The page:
The Free Press, Mankato, MN

State, national news

March 19, 2013

No assault weapon ban in Senate Democrat bill

(Continued)

The NRA's chief lobbyist, Chris W. Cox, said in a written statement, "History has proven that a senseless ban of firearms based on cosmetic features will not make our communities safer. Congress should reject this so-called 'assault weapons ban' whether it is offered as a stand-alone bill or as an amendment."

Cox reiterated his organization's preference to focus on school safety, mental health and better enforcement of existing laws.

Said Feinstein: "That's the problem with this place. The gun lobby is inordinately powerful." She was an author of the 1994 assault weapons ban that Congress failed to renew after a decade.

Her provision would ban semi-automatic weapons — guns that fire one round and automatically reload — that can take a detachable magazine and have at least one military feature such as a pistol grip. It would specifically prohibit 157 weapons.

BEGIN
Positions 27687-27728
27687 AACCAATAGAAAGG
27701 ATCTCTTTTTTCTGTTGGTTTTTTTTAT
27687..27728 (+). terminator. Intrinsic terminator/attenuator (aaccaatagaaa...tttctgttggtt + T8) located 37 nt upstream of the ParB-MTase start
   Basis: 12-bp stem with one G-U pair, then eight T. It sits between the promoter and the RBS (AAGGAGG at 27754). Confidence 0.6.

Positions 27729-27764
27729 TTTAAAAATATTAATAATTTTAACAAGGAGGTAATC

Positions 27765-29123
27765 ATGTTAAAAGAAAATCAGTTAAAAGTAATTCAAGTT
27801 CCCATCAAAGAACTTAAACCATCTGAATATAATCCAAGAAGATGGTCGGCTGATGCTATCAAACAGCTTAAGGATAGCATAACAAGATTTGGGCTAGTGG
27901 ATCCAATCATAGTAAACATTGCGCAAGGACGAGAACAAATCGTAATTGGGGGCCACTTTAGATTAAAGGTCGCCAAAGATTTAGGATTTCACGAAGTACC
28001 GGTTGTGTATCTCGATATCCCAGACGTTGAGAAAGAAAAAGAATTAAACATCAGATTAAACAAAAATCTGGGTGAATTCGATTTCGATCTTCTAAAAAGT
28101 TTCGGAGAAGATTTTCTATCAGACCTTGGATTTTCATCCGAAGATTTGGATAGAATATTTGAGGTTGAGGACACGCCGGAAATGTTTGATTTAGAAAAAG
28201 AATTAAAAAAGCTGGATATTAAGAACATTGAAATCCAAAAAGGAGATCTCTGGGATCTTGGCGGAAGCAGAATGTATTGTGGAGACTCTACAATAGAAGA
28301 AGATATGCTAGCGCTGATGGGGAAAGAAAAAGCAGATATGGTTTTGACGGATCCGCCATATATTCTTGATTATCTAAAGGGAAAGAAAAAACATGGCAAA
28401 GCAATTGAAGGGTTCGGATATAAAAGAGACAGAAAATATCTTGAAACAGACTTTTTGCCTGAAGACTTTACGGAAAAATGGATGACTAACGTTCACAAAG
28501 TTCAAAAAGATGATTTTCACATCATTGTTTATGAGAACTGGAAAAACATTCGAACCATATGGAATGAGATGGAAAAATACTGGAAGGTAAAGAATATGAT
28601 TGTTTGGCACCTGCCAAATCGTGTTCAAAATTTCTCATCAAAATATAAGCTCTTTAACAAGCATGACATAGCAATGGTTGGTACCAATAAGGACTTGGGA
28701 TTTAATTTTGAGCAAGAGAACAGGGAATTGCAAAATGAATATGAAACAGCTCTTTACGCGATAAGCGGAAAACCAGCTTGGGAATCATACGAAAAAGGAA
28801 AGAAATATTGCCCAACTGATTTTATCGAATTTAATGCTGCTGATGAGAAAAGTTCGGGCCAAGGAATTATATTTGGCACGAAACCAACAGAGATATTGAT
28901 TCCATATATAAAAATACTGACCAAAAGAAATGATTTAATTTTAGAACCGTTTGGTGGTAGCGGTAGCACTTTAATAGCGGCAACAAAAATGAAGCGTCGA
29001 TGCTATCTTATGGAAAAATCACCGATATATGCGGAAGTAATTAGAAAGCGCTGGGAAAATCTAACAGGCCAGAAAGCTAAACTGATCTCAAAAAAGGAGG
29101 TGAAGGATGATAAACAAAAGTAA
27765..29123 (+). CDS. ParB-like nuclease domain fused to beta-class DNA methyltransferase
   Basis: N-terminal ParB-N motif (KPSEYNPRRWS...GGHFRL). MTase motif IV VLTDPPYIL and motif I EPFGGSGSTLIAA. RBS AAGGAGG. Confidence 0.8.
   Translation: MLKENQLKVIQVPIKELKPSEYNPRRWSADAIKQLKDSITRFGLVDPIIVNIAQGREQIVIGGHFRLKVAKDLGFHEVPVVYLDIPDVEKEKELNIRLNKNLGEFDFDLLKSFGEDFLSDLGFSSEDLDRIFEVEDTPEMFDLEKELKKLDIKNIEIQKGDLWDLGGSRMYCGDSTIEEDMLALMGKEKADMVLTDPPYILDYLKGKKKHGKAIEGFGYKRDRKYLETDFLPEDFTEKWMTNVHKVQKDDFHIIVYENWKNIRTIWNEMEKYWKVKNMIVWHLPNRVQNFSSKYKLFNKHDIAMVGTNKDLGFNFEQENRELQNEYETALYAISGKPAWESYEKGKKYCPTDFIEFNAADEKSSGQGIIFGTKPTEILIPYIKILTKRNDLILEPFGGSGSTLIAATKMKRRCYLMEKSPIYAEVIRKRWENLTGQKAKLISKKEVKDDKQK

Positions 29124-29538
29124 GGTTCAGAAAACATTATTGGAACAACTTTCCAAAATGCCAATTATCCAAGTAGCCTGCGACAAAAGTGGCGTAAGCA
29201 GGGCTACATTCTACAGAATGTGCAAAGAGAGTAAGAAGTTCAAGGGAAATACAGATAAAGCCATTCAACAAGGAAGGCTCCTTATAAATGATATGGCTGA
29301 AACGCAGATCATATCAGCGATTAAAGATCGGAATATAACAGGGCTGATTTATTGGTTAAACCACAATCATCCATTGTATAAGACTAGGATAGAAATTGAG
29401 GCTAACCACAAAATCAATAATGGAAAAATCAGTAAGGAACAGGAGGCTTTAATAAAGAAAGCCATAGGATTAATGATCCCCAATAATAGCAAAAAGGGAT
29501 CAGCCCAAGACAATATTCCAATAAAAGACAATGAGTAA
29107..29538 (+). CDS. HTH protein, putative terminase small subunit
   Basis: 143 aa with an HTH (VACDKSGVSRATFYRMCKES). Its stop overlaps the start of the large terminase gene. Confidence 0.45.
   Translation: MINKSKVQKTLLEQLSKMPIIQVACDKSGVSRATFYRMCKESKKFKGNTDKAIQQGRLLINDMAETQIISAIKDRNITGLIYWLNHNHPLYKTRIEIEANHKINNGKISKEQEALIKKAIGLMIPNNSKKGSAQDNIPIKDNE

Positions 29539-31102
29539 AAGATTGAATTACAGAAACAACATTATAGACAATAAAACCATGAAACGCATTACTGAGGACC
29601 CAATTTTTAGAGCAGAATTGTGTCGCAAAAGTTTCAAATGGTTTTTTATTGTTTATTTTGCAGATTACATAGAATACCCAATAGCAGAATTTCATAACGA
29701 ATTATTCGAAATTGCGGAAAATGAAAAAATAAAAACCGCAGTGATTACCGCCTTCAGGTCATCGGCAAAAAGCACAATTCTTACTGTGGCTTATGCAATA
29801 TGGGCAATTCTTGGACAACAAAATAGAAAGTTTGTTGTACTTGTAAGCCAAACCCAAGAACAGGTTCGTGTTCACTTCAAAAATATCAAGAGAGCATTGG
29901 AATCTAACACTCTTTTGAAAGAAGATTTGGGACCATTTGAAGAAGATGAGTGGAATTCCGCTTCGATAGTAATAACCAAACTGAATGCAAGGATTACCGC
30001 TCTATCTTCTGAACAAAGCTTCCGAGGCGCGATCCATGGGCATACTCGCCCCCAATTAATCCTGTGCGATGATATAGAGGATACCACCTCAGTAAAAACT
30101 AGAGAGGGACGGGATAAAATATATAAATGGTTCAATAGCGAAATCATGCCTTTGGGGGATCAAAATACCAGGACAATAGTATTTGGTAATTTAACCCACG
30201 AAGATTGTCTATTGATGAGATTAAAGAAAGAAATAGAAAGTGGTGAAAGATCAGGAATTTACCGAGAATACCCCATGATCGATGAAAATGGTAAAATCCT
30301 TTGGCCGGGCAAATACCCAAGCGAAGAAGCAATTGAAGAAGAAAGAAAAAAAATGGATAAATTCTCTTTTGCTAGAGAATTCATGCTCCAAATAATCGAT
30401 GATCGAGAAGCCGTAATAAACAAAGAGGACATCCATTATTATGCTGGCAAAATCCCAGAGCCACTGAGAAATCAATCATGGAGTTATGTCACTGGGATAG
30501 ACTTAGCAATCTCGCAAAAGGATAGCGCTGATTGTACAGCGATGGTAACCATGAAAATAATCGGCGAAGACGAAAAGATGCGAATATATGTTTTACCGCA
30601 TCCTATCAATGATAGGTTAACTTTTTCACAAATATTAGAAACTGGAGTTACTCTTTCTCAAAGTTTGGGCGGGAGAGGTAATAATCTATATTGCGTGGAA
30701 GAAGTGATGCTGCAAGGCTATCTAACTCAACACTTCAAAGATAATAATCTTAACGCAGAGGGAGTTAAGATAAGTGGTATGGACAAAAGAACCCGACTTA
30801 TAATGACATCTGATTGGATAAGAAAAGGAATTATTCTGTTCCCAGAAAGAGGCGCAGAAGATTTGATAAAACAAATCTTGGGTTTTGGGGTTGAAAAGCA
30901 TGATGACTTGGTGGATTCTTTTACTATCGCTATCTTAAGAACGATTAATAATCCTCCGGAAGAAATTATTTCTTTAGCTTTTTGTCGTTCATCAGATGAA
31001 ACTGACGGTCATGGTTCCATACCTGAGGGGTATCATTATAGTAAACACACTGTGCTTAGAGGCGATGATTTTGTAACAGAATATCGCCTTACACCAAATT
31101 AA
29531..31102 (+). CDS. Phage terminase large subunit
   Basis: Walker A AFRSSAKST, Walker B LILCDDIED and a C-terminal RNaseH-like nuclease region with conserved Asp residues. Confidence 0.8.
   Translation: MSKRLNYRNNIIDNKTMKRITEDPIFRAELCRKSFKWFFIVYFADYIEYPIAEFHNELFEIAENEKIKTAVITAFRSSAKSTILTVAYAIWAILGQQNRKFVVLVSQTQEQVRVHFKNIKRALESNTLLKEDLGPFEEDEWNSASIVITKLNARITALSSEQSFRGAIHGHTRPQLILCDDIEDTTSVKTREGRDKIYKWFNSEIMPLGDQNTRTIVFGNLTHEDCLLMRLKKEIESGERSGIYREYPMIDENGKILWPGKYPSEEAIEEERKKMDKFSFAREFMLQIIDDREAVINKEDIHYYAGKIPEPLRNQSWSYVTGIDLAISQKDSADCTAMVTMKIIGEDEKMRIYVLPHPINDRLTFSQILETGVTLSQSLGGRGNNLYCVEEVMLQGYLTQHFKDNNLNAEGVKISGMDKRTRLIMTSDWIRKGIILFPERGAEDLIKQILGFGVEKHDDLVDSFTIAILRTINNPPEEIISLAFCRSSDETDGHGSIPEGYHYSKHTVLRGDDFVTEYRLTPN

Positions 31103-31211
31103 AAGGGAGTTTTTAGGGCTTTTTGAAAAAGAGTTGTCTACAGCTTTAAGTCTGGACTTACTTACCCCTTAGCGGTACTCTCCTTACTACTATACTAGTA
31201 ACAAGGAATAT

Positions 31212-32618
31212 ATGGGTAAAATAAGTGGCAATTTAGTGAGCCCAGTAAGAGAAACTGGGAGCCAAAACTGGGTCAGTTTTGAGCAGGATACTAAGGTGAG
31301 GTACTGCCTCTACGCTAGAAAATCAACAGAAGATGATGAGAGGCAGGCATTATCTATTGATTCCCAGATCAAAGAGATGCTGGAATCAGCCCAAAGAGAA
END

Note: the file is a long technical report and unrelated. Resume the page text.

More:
It also would ban ammunition magazines carrying more than 10 rounds — another factor in some of the nation's recent mass killings.

It would exempt any weapons that were legally owned whenever the bill was enacted. Also exempted would be 2,258 rifles and shotguns that are frequently used by hunters.

The Senate Judiciary Committee approved four gun-control measures this month, including Feinstein's. The others would expand required federal background checks for firearms buyers, increase federal penalties for illegal gun trafficking and boost school safety money.

Reid said he has not decided which measures would be included in the base bill he brings to the Senate floor. Democratic aides and lobbyists say the trafficking and school safety measures are likely candidates because each passed the Judiciary panel with some bipartisan support.

It is unclear how Reid will handle the background check measure.

Sen. Chuck Schumer, D-N.Y., chief author of that provision, is trying to find a Republican willing to reach compromise on his plan. The version that passed the Judiciary Committee had no GOP support and would allow almost no exceptions to gun sales for which background checks would be needed. They are currently required only for sales by federally licensed gun dealers.

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